Cannes Lions 2018: How do we accelerate art in the age of AI?
The likes of Adobe’s Vice President of Design, Jamie Myrold, artist Mario Klingemann and Pentagram partner Natasha Jen came together and kicked off a discussion about all the ways the rise of artificial intelligence can actually aid in the creative process.
Published - Jun 19, 2018 2:58 PM Updated: Jun 19, 2018 2:58 PM
The session delved into various aspects like how artificial intelligence will impact creativity and the human aspect of the creative process. “Machine learning is very much integrated into our lives in so many ways that we don’t even know it. Deep-learning has begun to emerge as the next wave,” started off Jen.
Myrold raised the question on how we will see AI impacting creativity today and in the future. Said Jen, “ AI is further going to increase efficiency remarkably, and productivity is also going to increase. We will be able to materialize our ideas much faster."
Klingemann opined that we can reap the benefits of machine-learning in an efficient manner. “Today we have more and more data which is like a wealth. We can utilize machine-learning to pull out things and get truth out of the data. I fear sometimes that we’re not as creative as we think. We need to have impulses coming out that trigger something in us. With machine learning, we can have the machine give us these impulses based on what it thinks might be relevant to us and then augment it. With these we can almost goldmine the past, add something new to them and give it a new twist,” he said.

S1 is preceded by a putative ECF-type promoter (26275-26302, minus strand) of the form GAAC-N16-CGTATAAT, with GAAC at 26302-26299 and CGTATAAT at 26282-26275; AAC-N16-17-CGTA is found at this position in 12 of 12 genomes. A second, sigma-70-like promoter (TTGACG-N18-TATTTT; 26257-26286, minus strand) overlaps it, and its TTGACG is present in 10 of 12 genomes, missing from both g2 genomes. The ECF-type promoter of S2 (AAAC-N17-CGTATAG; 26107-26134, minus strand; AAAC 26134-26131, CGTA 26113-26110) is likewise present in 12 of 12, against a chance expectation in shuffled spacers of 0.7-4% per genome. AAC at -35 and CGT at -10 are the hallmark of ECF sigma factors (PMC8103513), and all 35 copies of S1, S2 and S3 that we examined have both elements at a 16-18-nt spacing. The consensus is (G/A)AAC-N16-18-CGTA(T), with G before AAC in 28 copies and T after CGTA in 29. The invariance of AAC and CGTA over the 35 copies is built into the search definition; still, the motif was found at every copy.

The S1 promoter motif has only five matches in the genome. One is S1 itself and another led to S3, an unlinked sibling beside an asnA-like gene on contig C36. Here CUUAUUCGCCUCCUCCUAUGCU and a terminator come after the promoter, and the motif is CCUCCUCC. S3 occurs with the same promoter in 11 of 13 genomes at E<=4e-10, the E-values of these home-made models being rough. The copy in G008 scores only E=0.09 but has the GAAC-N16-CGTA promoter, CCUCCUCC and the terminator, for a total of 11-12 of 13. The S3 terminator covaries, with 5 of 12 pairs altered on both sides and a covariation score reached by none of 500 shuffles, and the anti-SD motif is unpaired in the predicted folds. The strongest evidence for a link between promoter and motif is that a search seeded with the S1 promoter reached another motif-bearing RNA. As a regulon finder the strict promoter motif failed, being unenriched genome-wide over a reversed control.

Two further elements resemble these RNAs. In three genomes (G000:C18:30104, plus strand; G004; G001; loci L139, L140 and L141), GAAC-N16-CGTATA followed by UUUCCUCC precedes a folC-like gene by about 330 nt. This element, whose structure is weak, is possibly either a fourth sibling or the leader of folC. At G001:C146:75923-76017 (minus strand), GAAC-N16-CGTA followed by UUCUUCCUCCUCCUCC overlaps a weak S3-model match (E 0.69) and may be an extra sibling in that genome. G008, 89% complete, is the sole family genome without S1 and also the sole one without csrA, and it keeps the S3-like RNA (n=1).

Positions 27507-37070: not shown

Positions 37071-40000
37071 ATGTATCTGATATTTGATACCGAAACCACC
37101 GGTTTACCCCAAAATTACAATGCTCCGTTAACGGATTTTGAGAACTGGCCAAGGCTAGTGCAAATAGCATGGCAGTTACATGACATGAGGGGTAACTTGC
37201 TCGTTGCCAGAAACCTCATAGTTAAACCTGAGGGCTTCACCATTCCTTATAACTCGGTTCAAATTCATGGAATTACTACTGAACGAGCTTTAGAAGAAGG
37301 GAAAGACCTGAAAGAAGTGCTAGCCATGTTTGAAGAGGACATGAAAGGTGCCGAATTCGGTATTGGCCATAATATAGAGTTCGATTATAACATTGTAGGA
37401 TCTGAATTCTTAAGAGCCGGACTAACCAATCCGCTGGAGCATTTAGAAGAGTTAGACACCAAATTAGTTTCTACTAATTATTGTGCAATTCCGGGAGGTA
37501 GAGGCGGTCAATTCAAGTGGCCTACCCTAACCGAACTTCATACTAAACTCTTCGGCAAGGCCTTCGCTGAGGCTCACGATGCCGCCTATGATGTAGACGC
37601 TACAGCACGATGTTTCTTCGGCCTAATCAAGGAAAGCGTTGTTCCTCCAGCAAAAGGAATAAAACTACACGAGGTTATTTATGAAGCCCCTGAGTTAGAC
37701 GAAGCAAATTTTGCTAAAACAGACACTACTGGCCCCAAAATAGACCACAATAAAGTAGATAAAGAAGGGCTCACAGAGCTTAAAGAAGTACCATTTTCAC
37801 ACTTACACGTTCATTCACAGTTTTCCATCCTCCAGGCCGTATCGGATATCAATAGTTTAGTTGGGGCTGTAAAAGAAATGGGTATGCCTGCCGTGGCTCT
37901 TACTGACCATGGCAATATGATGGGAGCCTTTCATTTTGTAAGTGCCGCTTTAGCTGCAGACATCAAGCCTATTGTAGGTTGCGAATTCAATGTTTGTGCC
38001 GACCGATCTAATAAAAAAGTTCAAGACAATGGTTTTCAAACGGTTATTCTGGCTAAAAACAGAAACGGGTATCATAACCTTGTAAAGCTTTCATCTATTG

Myrold also shed light on the role of creative AI- does it have the potential of democratising creativity? “Democratisation of tools is already happening. You have access to creative tools like Instagram and Facebook without even knowing that it is assisted by AI,” she said. Jen contended that the language around new technology is always so nuanced that you have to look at the historical trajectory as well as contemporary landscape.
Regarding designing a brand identity using AI, Klingemann said, “ I think there is something really exciting about the potential of AI-assisted tools that can help us build an identity system more effectively.”
An interesting point of discussion was also around the authorship of the creative work: who does it lie with? Is it human beings or the tools? Both Jen and Klingemann feel that while tools are there, its still humans making the decisions. Jen pointed out that over time we will see more and more AR functions available which will go beyond the putting a filter on your face. “A lot more really practical AR applications could be on the way. Discovering of that knowledge will be really exciting,” she shared. For more updates, be socially connected with us on
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